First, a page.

Mister America Oct 15, 2019 13:48:11 GMT -5
Post by StevePulaski on Oct 15, 2019 13:48:11 GMT -5
Mister America (2019)
Directed by: Eric Notarnicola
Directed by: Eric Notarnicola
I admire Tim Heidecker's hustle and his ability to subvert the concept of comedy with many surrealist diversions. That doesn't mean I have to like it. Frankly, I find most of his projects unenjoyable. Tim & Eric Awesome Show, Great Job was an endurance test of patience with its cringe-inducing attempts at humor, and Heidecker's last "major" star-vehicle, The Comedy, was much more fun to discuss than watch. Mister America is a faux vérité mockumentary that's as inert and low-energy as Heidecker's character. As a satire about an incompetent bloke with no people nor political skills trying to run for a major office, it's painfully clear that we're watching this all unfold in America in real time; we don't need a schlocky, hastily made film about a contemptible cad with nothing meaningful to say.
Mister America is an extension of Tim Heidecker and Gregg Turkington's Adult Swim webshow On Cinema at the Cinema, a Siskel & Ebert-esque parody featuring the two playing fictionalized versions of themselves as amateur movie critics. The show is marginally amusing, but when it got too wrapped up in its own cult following, catering to their social media obsessions by inventing wacky subplots for episodes that distracted from the nostalgia at hand, it became desperate, in my eyes. One of the most ambitious events On Cinema and its two stars ever did was a week-long, fictionalized trial of Heidecker, who was accused of committing second degree murder after several young people were poisoned to death at an EDM festival thanks to vape juice he allegedly sold them. The "trial" was streamed online, and to be honest, it's an exercise in comic prowess and concept-driven art.
That plotline from the "On Cinema Universe," as it's known, carries over to Mister America, which has Heidecker (again, playing a broadly drawn, fictionalized caricature of himself) running for San Bernardino District Attorney. Filmed like a "ride along" look at Heidecker's inept campaign trail, we follow his misbegotten attempt to unseat Vincent Rossetti (Don Pecchia), an immigrant his opponent constantly refers to as a "rat." Heidecker's platform? Running on the promise of effectively eliminating crime from the streets of San Bernardino and bringing the area back to "the good ol' days." Plagued by reminders of the EDM fiasco, which he callously brushes off as nothing, and an incompetent, wino campaign manager (Terri Parks) — the hung juror who acquitted him in the aforementioned trial — Heidecker's bid for D.A. is an abject disaster. It's a trainwreck that only becomes compounded by the presence of Gregg Turkington, who shows up at various points throughout, humorously donning hats promoting forgotten films (i.e. The Time Machine, Two for the Money) and spitting on Heidecker's image.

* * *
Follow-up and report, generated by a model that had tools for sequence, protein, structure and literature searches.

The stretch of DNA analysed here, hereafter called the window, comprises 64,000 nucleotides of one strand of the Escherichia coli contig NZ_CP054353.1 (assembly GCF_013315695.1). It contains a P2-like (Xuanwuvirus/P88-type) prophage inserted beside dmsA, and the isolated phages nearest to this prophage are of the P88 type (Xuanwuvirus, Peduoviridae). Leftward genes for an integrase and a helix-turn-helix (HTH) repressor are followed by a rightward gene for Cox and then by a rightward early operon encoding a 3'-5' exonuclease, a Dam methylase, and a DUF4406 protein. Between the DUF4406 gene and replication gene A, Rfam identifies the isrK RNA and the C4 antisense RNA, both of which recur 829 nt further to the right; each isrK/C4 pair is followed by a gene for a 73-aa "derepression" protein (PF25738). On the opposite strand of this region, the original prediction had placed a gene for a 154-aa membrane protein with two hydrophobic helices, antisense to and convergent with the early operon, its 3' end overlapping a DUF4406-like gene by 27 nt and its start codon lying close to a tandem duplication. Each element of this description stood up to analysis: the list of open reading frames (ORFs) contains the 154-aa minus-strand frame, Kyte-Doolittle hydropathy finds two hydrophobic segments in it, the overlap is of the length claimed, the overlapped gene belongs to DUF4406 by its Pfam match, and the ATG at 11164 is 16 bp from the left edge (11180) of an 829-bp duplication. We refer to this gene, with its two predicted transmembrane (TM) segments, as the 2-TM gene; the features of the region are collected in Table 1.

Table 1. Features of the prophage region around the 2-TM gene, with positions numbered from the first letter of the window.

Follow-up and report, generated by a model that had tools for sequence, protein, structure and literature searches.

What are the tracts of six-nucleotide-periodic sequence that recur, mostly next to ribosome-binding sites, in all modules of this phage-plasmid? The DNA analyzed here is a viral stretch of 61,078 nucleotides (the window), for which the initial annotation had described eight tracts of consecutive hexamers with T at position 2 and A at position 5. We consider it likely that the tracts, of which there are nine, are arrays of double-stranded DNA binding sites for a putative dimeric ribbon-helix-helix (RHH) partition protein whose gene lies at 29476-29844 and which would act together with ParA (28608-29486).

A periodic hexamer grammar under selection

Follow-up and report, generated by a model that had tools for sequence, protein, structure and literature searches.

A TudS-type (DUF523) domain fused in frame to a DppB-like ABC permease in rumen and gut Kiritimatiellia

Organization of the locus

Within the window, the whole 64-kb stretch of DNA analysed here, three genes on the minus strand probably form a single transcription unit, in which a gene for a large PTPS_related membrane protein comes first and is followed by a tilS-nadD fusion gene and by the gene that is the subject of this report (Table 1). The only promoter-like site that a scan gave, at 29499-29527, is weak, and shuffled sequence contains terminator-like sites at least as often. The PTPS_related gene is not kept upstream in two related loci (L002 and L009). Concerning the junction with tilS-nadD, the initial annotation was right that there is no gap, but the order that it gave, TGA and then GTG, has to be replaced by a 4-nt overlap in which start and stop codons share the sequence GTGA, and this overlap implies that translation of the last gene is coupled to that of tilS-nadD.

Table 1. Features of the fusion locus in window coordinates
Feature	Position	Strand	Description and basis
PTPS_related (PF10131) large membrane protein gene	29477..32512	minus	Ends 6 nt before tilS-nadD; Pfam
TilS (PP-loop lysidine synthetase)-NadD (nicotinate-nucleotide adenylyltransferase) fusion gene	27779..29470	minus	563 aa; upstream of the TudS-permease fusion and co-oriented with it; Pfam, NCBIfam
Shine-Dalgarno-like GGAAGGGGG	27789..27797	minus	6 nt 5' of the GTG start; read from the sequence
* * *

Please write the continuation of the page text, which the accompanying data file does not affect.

While there are bad laughs to be had by Heidecker, entirely unaware of himself, waywardly wandering into businesses run by people of color to hawk his very far-right agenda, they're far too uncommon. The problem is Heidecker's lethargic cadence and personality, and the fact that Mister America was shot in three days, make this project feel like an impulsive afterthought. There is a laziness that hovers over the film like a cloud of smog, and this story doesn't give us any memorable satire of narcissistic, self-centered individuals running for public office. The grand finale at Heidecker's sparsely attended town-hall which ends in a hallway blowup between him and his manager doesn't provide any great realizations, let alone quality comedy. I hate to say it, but Donald Trump rallies are more entertaining and provide more comedic value, if scarily so.
Starring: Tim Heidecker, Gregg Turkington, Terri Parks, and Don Pecchia. Directed by: Eric Notarnicola.